Weight Watchers no more after 37 years

Wheat-Free Weight Loss

Carol posted this interesting comment about her weight loss and health success experienced after reading Wheat Belly:

“I have been mesmerized by the book. Being a lifetime member of Weight Watchers since the age of 21 (now 58), I am amazed at how I feel and the weight lost.

I have also suffered from severe scoliosis all of my life and have been on prescription naproxen for since 1987. Since I eliminated the wheat I have not taken any meds, I’ve lost my sweet and salty cravings that often consumed me. Now, with spring in the air, I have not had the sneezing and itchy eyes that I’ve suffered with in the past. I am also a breast cancer survivor, so the cancer linkage is interesting as well.

I am a believer. I feel the best I have in years. I was also amazed at the weight loss — basically a 1 lb a day — better than what I experienced with Weight Watchers.”

You can indeed lose weight without the insights provided in Wheat Belly, but it is typically a painful exercise in deprivation, as many people will tell you when, in a program such as Weight Watchers, you are instructed to limit calories and portions. The opiate peptides that develop upon digestion of the gliadin protein in wheat are appetite stimulants. Any diet that contains wheat will therefore cause you to be hungry all the time, craving junk carbohydrates, especially when you try to cut calories.

Remove wheat, remove the gliadin derived opiates, experience a marked reduction in appetite with a drop in calorie intake of 400 calories per day (on average). You also remove wheat germ agglutinin that blocks leptin, the hormone of satiety. You also remove wheat’s amylopectin A responsible for blood sugar highs followed by blood sugar lows with mental fog, sleepiness, and desperate hunger. Wheat-free people are therefore freed from all the bonds of such appetite-controlling effects.

And what other dietary approach leads to relief from chronic pain, relief from allergies, and reductions in high levels of estrogen and prolactin that stimulate breast cancer growth? (The A5 pentapeptide from gliadin is an especially potent trigger for prolactin release.)

Cutting calories, reducing portion size, tallying up points — all while consuming an appetite stimulant. Why not just remove the appetite stimulant?

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Comments & Feedback...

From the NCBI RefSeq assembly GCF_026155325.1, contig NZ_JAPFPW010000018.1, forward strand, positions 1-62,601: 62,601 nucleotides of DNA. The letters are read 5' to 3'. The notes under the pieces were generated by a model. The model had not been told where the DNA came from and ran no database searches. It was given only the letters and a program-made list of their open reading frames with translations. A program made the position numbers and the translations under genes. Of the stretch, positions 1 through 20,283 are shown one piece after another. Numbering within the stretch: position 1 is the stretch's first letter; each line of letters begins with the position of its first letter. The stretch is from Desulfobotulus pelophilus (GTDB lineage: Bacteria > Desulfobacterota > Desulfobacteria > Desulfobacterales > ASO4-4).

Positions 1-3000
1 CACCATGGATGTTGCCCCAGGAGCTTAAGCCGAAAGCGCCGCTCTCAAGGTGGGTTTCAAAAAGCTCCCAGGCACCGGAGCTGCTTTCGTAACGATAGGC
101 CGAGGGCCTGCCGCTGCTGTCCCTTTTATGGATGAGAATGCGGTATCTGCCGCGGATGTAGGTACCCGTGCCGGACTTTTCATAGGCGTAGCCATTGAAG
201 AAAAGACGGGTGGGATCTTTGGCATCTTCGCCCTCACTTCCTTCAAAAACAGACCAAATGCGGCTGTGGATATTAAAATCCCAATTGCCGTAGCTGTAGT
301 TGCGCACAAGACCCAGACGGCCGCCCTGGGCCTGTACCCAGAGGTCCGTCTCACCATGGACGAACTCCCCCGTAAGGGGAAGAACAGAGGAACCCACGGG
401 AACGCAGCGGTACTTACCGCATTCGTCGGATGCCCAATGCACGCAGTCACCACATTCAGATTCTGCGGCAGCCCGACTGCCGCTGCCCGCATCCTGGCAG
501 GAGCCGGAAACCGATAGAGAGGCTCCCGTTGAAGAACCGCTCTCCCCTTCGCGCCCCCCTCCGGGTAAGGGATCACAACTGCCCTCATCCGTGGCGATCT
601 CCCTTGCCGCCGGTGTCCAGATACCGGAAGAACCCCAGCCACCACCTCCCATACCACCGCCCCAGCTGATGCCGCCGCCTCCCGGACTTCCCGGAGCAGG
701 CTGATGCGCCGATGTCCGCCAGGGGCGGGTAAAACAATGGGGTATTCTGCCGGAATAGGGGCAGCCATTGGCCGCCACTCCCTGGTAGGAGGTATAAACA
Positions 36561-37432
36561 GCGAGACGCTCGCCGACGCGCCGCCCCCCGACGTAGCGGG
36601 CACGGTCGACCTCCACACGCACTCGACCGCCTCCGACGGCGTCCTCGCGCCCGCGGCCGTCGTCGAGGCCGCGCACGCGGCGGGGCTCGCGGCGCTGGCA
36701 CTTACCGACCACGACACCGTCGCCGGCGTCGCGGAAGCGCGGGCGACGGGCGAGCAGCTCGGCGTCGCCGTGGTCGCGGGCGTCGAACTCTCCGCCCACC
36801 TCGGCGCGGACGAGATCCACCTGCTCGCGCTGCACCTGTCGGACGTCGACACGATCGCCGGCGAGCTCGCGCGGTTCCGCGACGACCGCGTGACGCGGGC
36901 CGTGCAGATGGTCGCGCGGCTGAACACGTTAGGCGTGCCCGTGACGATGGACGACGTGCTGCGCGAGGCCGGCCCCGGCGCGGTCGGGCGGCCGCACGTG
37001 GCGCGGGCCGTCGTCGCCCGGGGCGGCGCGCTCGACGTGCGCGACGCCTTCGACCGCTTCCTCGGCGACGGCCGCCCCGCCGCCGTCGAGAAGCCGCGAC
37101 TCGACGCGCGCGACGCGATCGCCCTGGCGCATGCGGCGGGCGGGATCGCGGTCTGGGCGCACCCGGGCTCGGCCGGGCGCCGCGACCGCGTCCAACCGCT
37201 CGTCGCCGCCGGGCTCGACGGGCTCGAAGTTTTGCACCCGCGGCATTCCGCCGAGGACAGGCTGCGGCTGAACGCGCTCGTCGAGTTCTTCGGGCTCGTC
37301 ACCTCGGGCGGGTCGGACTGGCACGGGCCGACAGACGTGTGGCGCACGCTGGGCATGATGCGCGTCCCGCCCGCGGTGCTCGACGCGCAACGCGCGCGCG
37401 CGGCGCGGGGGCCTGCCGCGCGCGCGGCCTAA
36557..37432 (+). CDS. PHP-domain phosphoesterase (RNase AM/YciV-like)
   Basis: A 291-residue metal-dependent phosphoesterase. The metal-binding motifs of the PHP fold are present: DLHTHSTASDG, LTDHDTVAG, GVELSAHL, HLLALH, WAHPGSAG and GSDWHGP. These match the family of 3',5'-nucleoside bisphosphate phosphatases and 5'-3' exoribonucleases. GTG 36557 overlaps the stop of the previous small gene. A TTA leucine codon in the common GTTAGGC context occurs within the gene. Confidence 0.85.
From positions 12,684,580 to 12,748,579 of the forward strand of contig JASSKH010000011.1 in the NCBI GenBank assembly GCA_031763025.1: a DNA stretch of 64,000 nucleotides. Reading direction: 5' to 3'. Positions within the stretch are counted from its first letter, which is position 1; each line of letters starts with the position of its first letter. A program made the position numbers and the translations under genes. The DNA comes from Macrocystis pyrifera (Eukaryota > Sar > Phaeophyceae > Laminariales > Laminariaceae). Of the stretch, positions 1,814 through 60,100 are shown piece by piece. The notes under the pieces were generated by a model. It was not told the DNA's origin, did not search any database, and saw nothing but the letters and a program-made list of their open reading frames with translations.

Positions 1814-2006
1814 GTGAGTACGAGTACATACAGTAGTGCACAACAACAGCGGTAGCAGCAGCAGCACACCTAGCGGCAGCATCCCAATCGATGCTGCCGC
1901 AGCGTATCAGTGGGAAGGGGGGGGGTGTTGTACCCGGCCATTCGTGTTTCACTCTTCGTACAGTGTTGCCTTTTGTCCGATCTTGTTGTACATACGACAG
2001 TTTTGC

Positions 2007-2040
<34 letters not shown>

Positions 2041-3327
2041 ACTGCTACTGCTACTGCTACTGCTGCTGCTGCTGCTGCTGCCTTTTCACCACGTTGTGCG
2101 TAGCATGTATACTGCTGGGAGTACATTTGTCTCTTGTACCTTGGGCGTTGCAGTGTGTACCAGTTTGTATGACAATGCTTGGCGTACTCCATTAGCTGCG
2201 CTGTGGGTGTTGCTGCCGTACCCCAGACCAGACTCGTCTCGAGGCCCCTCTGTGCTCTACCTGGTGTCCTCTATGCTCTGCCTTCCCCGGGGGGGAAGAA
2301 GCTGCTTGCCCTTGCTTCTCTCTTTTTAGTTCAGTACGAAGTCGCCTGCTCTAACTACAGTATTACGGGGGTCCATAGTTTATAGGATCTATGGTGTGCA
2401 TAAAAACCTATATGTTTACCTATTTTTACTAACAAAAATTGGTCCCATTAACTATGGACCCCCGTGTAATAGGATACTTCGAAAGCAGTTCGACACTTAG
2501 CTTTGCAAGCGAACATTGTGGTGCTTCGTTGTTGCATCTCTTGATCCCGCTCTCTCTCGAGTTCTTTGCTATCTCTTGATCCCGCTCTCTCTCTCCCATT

1. Culinary Adventurer

    Carol and Dr. Davis,
    There is no doubt whatsoever in my family that eliminating wheat and the other related seeds of grasses works! The changes in our lives have been amazing! We are never going back. The results are all the proof we need. We feel great! So – celebrate and live well.
    Thanks for sharing!

    • Dr. Davis

      Yes, indeed, Culinary: Celebrate the grain-free life and it is a far sight better than one filled with the poisons of “healthy whole grains”!

  2. Jonathan Steeves

    Hi Dr. Davis,

    I was not sure where to comment so that you would see it so I hope that you see this.

    I am wondering if you would be able to come to Halifax, Nova Scotia and put on a presentation? I attended the presentation in Moncton, New Brunswick that you put on last year and it was sold out! Halifax would be a great spot as there are a lot of people! I would love to work on getting as many people to your presentation as possible.

    Everyone must know the truth about wheat!

    Thank you! I hope you hear from you.


  3. Barb

    We’ve had great success for over two years with wheat belly but when my husband recently suffered with gout the doctor suggested we might be eating too much animal protein. I started reading Fuhrman’s book, The End of Dieting. He argues that we shouldn’t be eating animal proteins at all and that beans are a perfect source of protein… That they control blood sugar. We hadn’t had beans except chick peas in over two years. Tonight for dinner we had a bean and vegetable stew and my blood sugar went to 130 for the first time in a very long time. Usually an hour after dinner it is about 100. How can his research support such a different approach to eating from your research Dr. Davis?

    • Uncle Roscoe

      Beans, a class of legume, contain a lectin protein called concavalin A. Con A is roughly equivalent to wheat’s lectin, wheat germ agglutinin (WGA). Both Con A and WGA mimic insulin. They plug into cellular insulin receptors, clog them up, and prevent cells from importing glucose from the bloodstream. Your doctor is wrong to steer you away from meat, just as Dr. Davis is wrong to steer people toward beans.


      Specific plant proteins are the real enemies of diabetics everywhere.

      • Uncle Roscoe…..I wholeheartedly agree with you! I gave up beans, along with grains, sugar and fruit over 15 months ago….thanks for sharing! My health is excellent.

      • Dr. Davis

        Sorry, Uncle, but I disagree.

        Legumes and tubers are how humans have obtained their prebiotic fibers/’resistant starches” necessary for nourishing bowel flora.

  4. Dennis

    Dr. Davis,
    It is refreshing to finally come across a blog post that provides good, concrete information. I look forward to more!